Growing up in a religiously diverse family taught Paul Staley lessons that weren’t necessarily in the sacred texts.
I have come to appreciate that my parents’ greatest gift to me wasn’t an act of generosity as much as an expression of stubbornness.
My Mom was Catholic, and according to the Church, her children should have been as well. But my Dad, a Presbyterian, wouldn’t go along with that. So they struck a compromise: daughters would be baptized as Catholics and sons as Presbyterians. So each Sunday we went our separate ways: my mother and sister off to Mass, while my brother, my dad and I went to services at our church.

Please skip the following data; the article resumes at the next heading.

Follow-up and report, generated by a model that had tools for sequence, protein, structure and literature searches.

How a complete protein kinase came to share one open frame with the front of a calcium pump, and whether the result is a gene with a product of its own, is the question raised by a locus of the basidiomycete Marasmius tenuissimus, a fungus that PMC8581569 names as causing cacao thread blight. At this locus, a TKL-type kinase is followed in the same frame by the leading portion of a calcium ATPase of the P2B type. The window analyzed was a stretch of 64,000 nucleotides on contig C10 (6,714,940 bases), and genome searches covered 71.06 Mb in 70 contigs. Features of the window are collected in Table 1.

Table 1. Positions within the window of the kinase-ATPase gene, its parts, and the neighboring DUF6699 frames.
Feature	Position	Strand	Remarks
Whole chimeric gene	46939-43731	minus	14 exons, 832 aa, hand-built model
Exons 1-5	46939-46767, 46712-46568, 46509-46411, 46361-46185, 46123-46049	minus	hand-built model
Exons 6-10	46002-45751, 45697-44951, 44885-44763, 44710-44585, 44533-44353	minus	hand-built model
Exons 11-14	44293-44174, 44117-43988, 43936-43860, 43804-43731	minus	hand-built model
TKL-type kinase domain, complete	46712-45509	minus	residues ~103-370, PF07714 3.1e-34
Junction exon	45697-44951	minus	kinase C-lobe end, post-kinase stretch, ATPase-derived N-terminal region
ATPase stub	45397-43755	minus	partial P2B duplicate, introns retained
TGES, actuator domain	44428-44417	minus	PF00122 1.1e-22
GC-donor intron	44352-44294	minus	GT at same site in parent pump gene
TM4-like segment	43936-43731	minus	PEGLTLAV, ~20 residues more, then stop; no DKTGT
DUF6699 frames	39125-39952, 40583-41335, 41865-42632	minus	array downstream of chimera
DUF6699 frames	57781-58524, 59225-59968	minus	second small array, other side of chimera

We were the only family in our neighborhood that regularly attended church. It wasn’t until years later that it occurred to me that our parents’ religious diligence was likely not just an expression of faith, but also an obligation created by this arrangement. Having insisted that both of their faiths be passed on to their children, they could not afford to slack off. The only way to honor the compromise was to keep going to church.
Now my father was a difficult personality. The parent I really loved was my Mom. But in the context of my parents’ arrangement this meant that I grew up very aware that the person I loved the most in the world practiced a different religion than I.